REVIEW: The Runaway Montana Bride by Joan Kilby
She promised she’d go anywhere…
When lifestyle “it” girl Lilou Langdon dumps her wealthy, snobby fiancé days before their highly-promoted society wedding, she can’t get out of Manhattan fast enough. Desperate to escape, she begs her magazine editor for the first assignment out of town. With her designer luggage and pup in a purse, Lilou—who specializes in covering luxury resorts and glamorous travel destinations—arrives in Montana for a six day trek into the wilderness.
Adventure tour owner Garrett Starr was expecting an experienced, off-grid journalist to cover his wilderness trek. Instead he gets Lilou, a city-slicker ‘princess’ who doesn’t know a crampon from a crouton. Worst of all, she brings along her lion-haired Pomeranian, Simba. Garrett dreamed that the article would boost his business to the next level, yet Lilou appears to be his worst nightmare.
But Lilou didn’t make a name for herself by giving up, and soon both she and Garrett realize they’re in for more than they bargained for.
Dear Ms. Kilby,
The blurb for “The Runaway Montana Bride” sounded much like many other blurbs I’ve read over the years and I was – to be totally honest – about to move on when the last sentence made me stop and reconsider. I was intrigued by the idea of a woman who was unprepared but not going down without a fight. How were Lilou and Simba going to handle the wilds of Montana?
The opening scenes had me worried about Lilou’s judgement. Here she was, days from her whooptido society wedding when she got broadsided by her fiance’s true personality. I mean this dude was a twat. I was as mystified as Lilou about how she ended up engaged to him. But she did have her line in the sand and once twatboy crossed it, Lilou was out of there. Okay maybe she was just carried away by the glitz of marrying Money. Anyway, the stage was set for her escape and I didn’t have to worry about her leaving a heartbroken guy.
Lilou is good at what she does and what she needs to do in her replacement role for a colleague with a broken leg, is go on this wilderness thing (Lilou skipped town so quickly that she does little beyond get some snazzy camping gear and doesn’t read the fine print) and promote the hell out of the business. With a vast Instagram following and lots of experience, she is sure (in the face of Garrett’s skepticism) she can manage to do this.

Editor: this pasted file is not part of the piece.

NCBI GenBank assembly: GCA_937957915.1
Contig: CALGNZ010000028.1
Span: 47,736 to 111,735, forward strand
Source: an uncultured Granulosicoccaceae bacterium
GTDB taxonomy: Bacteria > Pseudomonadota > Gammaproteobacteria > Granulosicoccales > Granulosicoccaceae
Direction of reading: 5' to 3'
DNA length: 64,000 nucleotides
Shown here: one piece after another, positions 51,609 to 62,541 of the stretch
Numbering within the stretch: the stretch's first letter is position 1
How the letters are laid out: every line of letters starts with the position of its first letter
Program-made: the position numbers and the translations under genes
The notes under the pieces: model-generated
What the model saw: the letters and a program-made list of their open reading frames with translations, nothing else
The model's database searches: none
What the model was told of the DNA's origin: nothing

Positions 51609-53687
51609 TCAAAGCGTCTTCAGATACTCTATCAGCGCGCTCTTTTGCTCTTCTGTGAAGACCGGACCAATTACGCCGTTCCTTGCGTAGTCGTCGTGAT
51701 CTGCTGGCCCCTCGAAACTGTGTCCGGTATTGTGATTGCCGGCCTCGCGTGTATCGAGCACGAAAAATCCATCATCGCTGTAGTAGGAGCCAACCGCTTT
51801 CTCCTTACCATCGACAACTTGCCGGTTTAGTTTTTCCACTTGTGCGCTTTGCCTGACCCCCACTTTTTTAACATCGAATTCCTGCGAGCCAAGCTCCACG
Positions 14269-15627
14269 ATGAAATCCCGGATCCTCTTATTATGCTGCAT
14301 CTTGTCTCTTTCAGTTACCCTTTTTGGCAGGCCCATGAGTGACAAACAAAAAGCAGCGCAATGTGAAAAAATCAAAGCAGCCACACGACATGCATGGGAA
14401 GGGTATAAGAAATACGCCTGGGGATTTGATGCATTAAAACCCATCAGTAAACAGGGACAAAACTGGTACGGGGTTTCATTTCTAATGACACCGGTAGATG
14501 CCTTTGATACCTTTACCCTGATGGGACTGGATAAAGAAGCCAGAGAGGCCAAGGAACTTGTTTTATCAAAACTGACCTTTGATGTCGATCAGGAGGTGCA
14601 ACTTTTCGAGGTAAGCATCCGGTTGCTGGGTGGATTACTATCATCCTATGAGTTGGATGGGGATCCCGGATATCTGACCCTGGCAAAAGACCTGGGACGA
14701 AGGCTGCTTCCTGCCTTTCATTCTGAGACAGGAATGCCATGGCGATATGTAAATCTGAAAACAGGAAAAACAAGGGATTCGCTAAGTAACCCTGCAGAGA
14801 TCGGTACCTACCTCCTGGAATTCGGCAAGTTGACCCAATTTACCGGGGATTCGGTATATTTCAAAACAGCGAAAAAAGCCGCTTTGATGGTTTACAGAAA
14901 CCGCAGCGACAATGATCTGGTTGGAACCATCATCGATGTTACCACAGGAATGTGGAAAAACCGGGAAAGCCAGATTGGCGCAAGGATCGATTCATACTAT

I was pleased that after one major and a few minor hiccups, Lilou gets with the program. It’s her competent actions that convince Garrett that, journalistically, she knows what she’s doing. She also sucks up her discomfort, doesn’t complain, and joins in with what Garrett has planned for the trek. Initially I felt I might need to mentally smack some of her fellow hikers for a bit of condescension but she even begins to impress them with a can-do attitude.
The attraction between Garrett and Lilou is quick off the mark but they both attempt to tamp it down for various reasons. Garrett loves his growing business of crafted wilderness treks and thinks Lilou might tough it out but that will probably be all from her. He’s not interested in being a rebound man. Lilou is not eager to jump into a new relationship so soon after ending her engagement and especially not to someone who loves places where she can’t get a cell phone signal or plug in her hair dryer.
But this is a romance so of course they begin, thankfully slowly, to get to know each other and rethink things. And they see each other at their worst, on a trail, and smelling after days with no bath, plus Lilou has to face up to her fears. I think they do probably end up knowing more about each other’s core personalities than she ever did with twatboy.
So things are going well — up to a point. There are a few incidents on the trail that blew my mind a bit. Lilou I can excuse for acting stupid about one of them but Garrett does two stupid things, including one he had expressly lectured the hikers about not doing and one thing that pretty much everyone with a smidgeon of common sense knows that you don’t do. Everyone survived but were I to read about this, I doubt I’d want to go on a trek with him. Then afterwards it becomes Family Reunion Time for characters from previous books. Thankfully this doesn’t continue for long but it was annoying.
When Garrett and Lilou announced their “I love yous” it was fairly quick after they first met but they’d gone through those six days of trials and blisters. I got the impression that they weren’t going to rush down the aisle and I was fine with that. This is a better fish-out-of-water book in that Lilou discovers a lot about herself and isn’t made to pratfall her way through things and I liked that Garrett is impressed by her gumption. If not for the incidents my grade would be higher but this is still a B-/C+